MSU, Finland partners receive $3.6M grant to study science learning

September 25, 2015

Science learningMore students need to feel motivated and excited about learning science if the United States is going to succeed in producing a more scientifically literate workforce.

Michigan State University researchers hope to make that happen by testing the best ways to improve learning experiences in high school. The team is using a $3.6 million grant from the National Science Foundation and partnering with scholars in Finland, where students outperform most of the world on international tests.

“Our interest is really to enhance engagement in science,” said principal investigator Barbara Schneider, John A. Hannah Chair and University Distinguished Professor in the College of Education and Department of Sociology. “Not everyone will be a scientist, but all students need scientific knowledge to understand and contribute to the world. We want to develop a model where we can maximize their opportunities to learn.”

NSF announced the award as one of 17 projects to receive funding from the highly competitive Partnerships in International Research and Education program, which supports work expected to generate new discoveries through international collaboration. This is the first time a project focused on education research has been selected for the funding.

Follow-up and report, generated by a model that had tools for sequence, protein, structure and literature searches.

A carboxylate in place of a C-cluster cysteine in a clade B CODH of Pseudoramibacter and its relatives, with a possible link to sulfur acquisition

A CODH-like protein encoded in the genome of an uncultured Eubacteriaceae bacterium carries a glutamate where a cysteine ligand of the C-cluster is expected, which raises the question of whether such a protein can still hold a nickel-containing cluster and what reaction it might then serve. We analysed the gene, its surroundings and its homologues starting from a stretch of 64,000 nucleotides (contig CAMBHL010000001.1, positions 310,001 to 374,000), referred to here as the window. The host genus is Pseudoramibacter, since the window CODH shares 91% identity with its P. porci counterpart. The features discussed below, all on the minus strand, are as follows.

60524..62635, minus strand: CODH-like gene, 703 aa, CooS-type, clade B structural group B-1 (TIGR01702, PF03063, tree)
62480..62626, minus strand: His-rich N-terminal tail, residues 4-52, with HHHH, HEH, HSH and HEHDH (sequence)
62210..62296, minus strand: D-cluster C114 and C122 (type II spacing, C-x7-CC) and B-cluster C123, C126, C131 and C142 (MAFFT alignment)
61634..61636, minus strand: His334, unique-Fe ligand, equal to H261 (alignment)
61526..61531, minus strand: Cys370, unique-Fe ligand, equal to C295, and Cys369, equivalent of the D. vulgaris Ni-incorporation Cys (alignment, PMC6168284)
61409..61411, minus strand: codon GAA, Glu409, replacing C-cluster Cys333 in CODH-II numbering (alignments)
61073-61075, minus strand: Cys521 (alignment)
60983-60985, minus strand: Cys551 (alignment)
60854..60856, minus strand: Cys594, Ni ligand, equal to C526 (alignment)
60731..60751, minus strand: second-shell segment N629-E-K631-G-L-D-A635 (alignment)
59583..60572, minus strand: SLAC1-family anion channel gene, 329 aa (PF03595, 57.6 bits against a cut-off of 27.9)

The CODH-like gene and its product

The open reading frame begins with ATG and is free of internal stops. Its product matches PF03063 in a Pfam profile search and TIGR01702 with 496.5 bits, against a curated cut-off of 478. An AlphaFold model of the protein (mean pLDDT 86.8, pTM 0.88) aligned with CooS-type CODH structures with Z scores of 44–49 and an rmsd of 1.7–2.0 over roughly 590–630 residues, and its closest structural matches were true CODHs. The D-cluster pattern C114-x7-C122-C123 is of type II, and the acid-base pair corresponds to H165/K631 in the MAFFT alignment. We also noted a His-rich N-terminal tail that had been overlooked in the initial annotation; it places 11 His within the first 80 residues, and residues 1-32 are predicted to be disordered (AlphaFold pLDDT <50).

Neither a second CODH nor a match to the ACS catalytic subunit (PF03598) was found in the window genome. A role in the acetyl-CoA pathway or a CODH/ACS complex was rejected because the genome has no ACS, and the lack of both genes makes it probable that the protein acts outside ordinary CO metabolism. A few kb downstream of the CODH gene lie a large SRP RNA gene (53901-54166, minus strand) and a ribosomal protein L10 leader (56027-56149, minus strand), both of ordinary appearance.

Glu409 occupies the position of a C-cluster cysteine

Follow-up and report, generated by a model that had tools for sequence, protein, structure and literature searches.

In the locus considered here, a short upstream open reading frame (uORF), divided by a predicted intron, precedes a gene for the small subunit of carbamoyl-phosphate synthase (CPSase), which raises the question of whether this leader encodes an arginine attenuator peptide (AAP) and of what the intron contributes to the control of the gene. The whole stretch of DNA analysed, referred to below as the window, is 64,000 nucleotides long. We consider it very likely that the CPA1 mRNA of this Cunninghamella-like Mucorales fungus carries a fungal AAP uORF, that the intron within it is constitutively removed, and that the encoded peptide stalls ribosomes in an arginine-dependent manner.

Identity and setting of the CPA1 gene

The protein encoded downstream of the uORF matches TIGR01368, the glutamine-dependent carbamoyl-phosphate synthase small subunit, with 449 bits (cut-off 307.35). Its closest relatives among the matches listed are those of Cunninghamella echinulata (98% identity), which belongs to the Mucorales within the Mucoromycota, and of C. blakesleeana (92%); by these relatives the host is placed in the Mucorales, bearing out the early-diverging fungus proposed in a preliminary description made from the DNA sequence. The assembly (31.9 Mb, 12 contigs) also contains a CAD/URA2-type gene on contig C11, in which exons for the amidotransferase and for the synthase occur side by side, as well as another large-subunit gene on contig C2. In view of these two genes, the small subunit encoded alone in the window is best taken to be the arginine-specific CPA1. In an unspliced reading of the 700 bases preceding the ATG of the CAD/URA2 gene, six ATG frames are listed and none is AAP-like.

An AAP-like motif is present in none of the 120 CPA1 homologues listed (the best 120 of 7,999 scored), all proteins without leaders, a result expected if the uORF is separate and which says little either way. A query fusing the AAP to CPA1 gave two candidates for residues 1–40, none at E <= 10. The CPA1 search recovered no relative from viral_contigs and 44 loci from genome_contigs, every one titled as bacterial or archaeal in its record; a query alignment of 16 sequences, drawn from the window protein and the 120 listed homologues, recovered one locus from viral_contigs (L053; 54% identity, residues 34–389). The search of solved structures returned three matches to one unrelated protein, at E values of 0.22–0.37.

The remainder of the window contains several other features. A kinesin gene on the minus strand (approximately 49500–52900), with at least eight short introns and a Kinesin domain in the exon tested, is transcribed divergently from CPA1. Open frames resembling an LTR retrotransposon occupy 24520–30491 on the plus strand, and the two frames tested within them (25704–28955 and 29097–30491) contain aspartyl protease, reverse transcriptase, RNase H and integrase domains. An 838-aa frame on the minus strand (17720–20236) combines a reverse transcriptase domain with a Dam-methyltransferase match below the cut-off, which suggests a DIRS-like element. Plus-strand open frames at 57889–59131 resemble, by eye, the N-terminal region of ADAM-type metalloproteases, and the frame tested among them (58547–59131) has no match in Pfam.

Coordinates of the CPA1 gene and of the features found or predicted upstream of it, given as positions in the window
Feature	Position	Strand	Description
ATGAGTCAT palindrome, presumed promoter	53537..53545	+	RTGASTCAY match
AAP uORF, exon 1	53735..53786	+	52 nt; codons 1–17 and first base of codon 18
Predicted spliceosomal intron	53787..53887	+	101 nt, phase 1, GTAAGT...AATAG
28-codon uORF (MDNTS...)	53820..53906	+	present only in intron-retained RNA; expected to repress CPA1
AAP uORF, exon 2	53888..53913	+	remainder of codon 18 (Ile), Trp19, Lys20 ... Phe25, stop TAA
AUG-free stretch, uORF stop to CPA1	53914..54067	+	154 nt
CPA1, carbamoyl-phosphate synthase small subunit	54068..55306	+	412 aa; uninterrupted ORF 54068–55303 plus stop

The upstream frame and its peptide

During the five-year project, science education researchers will work with teachers in the United States and Finland to design and implement curriculum units in physics and chemistry classes. These project-based lessons will allow researchers to study the impact of new science teaching strategies modeled after the Next Generation Science Standards, a voluntary set of guidelines now being introduced in schools in many parts of the United States.

Participating students will each receive smartphones to provide real-time data to researchers. The system prompts students to answer questions on the phones about their learning experiences from a social, emotional and academic perspective. Of particular interest are the classroom messages that may be discouraging underrepresented student groups from pursuing careers in science-related fields.

Like the United States, Finland is in the process of restructuring its science curriculum in an effort to increase overall interest in science, technology, engineering and mathematics – or STEM – learning. Joseph Krajcik, Lappan-Phillips Professor of Science Education at MSU and co-principal investigator, will oversee the creation of curriculum materials and professional development for teachers. He said it will be exciting to collect evidence across two very different education systems and learn about which classroom ingredients lead to success for all students.

“The Finnish students do well on global tests, but they are not necessarily more interested in science,” Krajcik said. “We want to know how we can create zones where students feel empowered by learning science, know why it’s important and how they can use it in their lives.”

Collaborating researchers in Finland, Jari Lavonen and Katariina Salmela-Aro, are based at the University of Helsinki. Also working on the project from MSU are Corey Drake, Melanie Cooper, Deborah Peek-Brown, Marcos Caballero and Laurie Van Egeren.